Fri, May 29, 2015 - Page 3 News List

Sunday event to mark Taipei Air Raid

COMMEMORATION:The public is invited to a performance and exhibition in Taipei to remember the more than 3,000 residents who died during the air raid 70 years ago

By Jason Pan  /  Staff reporter

Taiwan’s wartime history must not be forgotten, academics and civic organization leaders said yesterday, as they invited the public to commemorate the 70th anniversary of the “Taipei Air Raid” (台北大空襲) with live music and a photography exhibition on Sunday.

Hosted by the Taiwan Nation Alliance (TNA) and Northern Taiwan Society, the commemoration event is to begin at 7pm in front of the Presidential Office Building on Taipei’s Ketagalan Boulevard, with musical performances, video presentations and other activities.

Organizers said the event is to remember an important chapter in Taiwan’s history, which many Taiwanese have little knowledge about, adding that wartime memories and lessons must not be forgotten.

It is also to pay tribute to and remember the more than 3,000 Taipei residents who died during the air raid by US bombers over the city on May 31, 1945, during the final phase of World War II.

On that day, the US’ 5th Air Force sent 117 B-24 bombers to carry out the largest air raid ever on Taiwan. According to historians, the US bombers dropped 3,800 bombs on government buildings and military targets in Taipei, causing large-scale destruction to important facilities and civilian quarters, resulting in more than 3,000 deaths, with tens of thousands wounded or left homeless.

At yesterday’s press briefing, Northern Taiwan Society chairman Chang Yeh-shen (張葉森) said the Chinese Nationalist Party (KMT) has over the past seven decades tried to eradicate the memories and historical records of this event, because it wanted to erase Taiwanese history and impose the KMT’s version of a Chinese-centric history.

In conjunction with the event, a special exhibition on the Taipei Air Raid will be held for two weeks at the Taipei 228 Memorial Museum, showcasing photographs from the US National Archives in Washington, many of which will be on display in Taiwan for the first time.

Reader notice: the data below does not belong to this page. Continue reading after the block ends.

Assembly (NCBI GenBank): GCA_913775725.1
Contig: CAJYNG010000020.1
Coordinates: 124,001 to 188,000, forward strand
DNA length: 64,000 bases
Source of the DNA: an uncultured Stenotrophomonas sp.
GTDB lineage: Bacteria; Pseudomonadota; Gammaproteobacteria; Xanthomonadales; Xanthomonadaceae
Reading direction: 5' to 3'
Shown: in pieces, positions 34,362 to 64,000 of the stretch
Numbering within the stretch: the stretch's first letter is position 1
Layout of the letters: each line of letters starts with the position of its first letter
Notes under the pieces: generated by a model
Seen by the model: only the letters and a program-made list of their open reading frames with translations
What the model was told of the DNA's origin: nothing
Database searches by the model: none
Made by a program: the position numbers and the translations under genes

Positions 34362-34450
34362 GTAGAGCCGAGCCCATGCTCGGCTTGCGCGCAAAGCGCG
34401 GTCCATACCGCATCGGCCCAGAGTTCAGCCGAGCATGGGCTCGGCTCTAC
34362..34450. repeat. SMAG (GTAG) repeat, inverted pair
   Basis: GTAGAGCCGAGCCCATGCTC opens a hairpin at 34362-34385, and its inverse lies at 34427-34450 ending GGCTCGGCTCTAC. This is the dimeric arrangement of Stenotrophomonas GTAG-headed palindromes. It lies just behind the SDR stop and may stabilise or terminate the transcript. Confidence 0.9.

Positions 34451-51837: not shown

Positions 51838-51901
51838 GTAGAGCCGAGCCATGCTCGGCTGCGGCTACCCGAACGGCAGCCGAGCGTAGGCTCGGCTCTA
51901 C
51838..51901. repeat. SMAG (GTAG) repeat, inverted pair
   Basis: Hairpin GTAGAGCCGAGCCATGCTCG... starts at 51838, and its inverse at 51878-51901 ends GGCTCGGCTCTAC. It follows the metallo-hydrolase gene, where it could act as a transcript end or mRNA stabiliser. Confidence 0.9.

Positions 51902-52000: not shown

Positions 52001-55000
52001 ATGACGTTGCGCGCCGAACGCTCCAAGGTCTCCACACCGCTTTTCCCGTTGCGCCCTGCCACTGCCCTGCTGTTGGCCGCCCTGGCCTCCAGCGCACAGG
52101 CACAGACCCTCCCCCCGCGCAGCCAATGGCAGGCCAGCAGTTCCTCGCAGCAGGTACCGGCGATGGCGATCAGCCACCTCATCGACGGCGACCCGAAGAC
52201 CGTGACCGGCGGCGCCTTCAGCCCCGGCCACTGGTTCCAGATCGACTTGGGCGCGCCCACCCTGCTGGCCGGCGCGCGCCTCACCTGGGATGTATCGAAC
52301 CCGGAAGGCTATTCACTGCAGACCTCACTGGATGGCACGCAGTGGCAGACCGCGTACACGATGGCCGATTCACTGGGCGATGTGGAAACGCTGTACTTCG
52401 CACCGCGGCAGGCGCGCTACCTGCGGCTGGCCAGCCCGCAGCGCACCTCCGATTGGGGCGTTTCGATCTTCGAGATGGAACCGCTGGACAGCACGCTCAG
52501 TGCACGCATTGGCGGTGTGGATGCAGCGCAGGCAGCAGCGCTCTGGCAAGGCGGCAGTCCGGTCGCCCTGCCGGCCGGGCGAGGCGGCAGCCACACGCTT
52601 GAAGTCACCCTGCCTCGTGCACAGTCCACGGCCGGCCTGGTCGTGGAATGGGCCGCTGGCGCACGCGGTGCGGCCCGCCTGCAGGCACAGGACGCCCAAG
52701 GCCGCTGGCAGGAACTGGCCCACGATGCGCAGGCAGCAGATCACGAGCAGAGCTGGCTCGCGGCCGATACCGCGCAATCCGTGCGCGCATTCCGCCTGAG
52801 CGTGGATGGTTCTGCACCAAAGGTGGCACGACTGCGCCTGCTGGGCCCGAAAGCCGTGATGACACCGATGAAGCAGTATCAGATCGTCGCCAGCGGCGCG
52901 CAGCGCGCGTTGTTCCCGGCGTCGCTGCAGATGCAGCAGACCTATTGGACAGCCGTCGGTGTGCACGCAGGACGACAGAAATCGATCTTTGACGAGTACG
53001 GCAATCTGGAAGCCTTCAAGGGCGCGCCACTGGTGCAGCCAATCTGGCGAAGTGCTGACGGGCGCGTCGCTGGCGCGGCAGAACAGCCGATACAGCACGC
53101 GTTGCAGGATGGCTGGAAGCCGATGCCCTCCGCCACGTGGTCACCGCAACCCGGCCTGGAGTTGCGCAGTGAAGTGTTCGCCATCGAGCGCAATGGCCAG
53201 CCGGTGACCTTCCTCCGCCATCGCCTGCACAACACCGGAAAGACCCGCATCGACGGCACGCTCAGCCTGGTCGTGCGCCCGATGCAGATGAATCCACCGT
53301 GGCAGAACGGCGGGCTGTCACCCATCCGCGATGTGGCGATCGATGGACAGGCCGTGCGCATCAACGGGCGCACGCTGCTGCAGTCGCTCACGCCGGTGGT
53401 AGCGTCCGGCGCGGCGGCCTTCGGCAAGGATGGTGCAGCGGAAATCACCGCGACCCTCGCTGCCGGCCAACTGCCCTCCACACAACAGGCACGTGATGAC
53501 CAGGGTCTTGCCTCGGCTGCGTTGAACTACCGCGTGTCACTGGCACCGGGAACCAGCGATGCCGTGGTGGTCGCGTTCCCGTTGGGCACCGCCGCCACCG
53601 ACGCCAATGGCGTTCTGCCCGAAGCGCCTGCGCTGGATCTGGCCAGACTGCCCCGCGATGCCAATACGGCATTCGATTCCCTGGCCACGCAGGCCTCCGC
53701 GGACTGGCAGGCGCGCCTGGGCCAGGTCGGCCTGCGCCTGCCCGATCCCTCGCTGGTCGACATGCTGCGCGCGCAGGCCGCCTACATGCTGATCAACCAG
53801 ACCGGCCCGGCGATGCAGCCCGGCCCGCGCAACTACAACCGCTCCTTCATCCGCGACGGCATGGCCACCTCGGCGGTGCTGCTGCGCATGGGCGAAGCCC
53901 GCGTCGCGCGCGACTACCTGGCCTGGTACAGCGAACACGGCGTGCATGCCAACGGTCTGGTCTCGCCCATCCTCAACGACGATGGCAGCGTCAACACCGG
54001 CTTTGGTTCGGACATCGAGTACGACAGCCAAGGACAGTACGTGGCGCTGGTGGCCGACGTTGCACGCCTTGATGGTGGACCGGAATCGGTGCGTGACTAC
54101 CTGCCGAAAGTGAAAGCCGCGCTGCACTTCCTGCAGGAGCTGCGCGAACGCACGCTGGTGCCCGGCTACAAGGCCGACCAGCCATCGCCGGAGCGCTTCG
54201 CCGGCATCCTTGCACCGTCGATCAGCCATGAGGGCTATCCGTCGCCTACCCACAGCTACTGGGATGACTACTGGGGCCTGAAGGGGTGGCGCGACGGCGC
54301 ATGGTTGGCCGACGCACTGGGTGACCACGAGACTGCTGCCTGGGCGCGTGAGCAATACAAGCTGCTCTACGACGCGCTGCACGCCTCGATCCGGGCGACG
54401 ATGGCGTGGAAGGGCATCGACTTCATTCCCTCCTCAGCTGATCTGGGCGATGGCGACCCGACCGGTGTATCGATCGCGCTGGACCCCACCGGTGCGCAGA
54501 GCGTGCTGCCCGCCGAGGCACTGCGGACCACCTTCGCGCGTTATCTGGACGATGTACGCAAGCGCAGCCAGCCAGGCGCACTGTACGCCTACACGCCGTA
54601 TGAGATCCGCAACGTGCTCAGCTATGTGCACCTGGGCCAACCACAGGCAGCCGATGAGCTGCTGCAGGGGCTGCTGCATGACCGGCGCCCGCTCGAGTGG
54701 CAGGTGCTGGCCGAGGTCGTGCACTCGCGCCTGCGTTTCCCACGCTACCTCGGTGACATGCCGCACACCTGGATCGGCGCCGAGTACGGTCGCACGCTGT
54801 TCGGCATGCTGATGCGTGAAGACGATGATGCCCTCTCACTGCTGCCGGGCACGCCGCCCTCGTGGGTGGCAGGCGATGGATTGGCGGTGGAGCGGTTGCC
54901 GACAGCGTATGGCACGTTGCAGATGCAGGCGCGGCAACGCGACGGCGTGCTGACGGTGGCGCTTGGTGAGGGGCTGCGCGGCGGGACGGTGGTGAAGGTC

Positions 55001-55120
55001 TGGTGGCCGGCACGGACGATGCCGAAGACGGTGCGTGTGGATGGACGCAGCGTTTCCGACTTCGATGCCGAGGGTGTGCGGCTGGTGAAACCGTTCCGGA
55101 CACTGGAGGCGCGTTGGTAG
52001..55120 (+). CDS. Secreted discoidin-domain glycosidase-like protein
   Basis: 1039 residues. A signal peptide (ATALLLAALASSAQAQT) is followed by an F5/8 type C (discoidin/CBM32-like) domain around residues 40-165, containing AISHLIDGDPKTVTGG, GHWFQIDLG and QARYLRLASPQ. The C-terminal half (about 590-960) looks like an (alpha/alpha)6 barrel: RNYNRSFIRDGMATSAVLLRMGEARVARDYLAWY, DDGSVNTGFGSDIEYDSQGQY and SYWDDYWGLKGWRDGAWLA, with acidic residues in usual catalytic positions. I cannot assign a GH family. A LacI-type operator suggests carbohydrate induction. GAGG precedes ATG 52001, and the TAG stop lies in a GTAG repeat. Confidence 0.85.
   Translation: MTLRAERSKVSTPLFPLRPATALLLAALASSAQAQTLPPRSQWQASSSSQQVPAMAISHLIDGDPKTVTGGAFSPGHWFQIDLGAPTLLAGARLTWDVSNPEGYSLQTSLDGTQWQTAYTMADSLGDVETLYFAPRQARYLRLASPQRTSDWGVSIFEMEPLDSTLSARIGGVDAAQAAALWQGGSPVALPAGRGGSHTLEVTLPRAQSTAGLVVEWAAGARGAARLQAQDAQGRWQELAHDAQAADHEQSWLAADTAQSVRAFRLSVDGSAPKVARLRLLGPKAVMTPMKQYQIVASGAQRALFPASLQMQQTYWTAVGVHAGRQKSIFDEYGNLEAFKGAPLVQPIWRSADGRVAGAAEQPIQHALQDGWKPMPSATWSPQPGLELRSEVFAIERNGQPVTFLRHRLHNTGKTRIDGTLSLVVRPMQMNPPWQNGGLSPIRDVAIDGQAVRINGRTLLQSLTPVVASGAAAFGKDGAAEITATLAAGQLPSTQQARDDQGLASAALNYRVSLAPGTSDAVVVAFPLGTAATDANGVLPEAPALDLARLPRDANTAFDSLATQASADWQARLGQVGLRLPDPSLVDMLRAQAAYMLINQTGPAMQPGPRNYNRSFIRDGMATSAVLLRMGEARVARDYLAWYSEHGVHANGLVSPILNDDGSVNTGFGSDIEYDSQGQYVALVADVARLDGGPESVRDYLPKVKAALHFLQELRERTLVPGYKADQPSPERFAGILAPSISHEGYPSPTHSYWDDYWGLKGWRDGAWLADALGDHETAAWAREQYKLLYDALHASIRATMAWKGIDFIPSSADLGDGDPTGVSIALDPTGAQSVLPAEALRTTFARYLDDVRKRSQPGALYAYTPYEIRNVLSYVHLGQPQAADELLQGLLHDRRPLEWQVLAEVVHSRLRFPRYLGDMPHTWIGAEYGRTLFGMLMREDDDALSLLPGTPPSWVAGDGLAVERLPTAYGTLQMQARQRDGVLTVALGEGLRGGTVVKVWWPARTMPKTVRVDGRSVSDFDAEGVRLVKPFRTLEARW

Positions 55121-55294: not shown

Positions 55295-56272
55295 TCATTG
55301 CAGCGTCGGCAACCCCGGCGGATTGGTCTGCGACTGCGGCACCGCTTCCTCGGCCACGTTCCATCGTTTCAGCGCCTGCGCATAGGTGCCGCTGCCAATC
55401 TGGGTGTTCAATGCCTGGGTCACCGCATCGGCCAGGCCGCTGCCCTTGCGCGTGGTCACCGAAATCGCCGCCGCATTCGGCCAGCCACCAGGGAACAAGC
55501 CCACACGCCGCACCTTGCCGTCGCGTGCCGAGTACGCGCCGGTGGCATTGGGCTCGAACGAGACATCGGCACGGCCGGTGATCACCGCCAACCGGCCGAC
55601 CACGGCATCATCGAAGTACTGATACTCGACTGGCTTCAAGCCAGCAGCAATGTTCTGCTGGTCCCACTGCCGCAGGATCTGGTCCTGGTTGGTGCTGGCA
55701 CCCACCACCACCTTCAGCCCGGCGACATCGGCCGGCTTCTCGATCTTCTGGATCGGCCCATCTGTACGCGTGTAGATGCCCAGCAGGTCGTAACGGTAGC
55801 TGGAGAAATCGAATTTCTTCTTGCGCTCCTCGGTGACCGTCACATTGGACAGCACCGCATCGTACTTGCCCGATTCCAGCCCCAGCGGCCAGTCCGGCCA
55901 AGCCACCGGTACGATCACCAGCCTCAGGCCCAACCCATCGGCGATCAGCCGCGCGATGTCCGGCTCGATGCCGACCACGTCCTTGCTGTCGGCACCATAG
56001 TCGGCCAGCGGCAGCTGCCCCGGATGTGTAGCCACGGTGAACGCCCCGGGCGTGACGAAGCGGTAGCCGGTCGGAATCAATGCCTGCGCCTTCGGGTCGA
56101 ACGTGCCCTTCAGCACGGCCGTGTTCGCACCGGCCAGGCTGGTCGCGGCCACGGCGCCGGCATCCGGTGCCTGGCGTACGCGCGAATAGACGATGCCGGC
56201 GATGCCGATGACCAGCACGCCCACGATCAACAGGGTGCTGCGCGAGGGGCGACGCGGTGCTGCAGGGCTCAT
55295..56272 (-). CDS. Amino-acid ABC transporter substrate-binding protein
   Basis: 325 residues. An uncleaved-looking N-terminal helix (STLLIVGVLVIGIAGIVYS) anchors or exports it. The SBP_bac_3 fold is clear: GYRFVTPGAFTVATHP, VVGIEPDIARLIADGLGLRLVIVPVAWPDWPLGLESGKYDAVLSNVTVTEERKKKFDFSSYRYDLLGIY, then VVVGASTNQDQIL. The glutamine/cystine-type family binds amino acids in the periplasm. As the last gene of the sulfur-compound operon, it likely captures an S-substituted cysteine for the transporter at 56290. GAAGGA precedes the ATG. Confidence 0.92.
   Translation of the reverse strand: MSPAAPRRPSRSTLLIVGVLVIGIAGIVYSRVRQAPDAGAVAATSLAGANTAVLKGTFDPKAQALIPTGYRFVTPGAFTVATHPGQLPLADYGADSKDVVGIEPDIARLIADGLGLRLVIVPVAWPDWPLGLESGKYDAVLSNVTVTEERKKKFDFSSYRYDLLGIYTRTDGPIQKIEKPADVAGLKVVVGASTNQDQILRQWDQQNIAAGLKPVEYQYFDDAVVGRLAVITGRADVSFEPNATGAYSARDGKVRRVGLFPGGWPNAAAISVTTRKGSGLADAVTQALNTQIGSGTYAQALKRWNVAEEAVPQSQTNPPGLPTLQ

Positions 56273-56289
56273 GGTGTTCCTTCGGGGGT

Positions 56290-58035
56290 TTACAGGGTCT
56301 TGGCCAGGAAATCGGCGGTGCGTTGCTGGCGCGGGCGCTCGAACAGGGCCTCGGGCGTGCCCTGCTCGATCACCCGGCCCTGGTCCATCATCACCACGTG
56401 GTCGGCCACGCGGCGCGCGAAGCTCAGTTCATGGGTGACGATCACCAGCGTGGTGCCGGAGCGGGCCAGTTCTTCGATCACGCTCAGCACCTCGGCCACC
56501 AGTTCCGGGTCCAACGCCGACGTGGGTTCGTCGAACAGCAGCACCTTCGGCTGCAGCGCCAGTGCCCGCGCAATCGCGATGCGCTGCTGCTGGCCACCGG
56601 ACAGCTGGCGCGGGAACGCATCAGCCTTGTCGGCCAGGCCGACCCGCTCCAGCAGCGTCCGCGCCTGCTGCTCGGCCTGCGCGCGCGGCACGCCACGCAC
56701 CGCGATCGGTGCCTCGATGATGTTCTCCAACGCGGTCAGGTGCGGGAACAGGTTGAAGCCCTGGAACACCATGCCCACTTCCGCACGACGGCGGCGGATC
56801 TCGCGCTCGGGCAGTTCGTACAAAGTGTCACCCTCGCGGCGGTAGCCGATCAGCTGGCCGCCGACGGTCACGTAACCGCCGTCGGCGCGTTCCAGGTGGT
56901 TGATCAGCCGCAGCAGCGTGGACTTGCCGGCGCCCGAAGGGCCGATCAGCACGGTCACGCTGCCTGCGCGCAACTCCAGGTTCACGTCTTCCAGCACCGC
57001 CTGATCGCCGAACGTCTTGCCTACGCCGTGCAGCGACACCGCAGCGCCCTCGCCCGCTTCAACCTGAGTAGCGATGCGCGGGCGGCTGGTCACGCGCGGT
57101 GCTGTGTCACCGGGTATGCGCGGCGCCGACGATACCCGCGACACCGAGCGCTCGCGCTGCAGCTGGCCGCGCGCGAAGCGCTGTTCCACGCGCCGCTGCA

“Many Taiwanese do not know about the air raid; even the older generation has mostly forgotten about it, because of the postwar rewriting of history by the KMT and its willful suppression to wipe out Taiwanese collective memory,” TNA deputy convener Chou Fu-nan (周福南) said.

Chou said the Taipei Air Raid was carried out by the US’ 5th Air Force, but the objective of the event is not to place a burden or seek responsibility for the fatalities and destruction, but to hold a commemoration “for Taiwanese to remember the past.”

“We must not forget our own wartime history,” Chou said.

Taiwan Solidarity Union (TSU) Deputy Secretary-General Liu Yi-te (劉一德) said the event is also to counter the KMT’s claim of victory over Japan in World War II.

He said the victory was an overall Allied effort of many nations, and the Pacific Theater was won chiefly on the dominant military might of the US.

During the Taipei Air Raid, the Office of the Japanese Governor-General of Taiwan (which later became the Presidential Office Building) was bombed and suffered damage.

The Army Headquarters, Taihoku (Taipei) Imperial University, Taipei Railway Station, Bank of Taiwan, Taipei High Court, Taipei Park and other important facilities were also hit.

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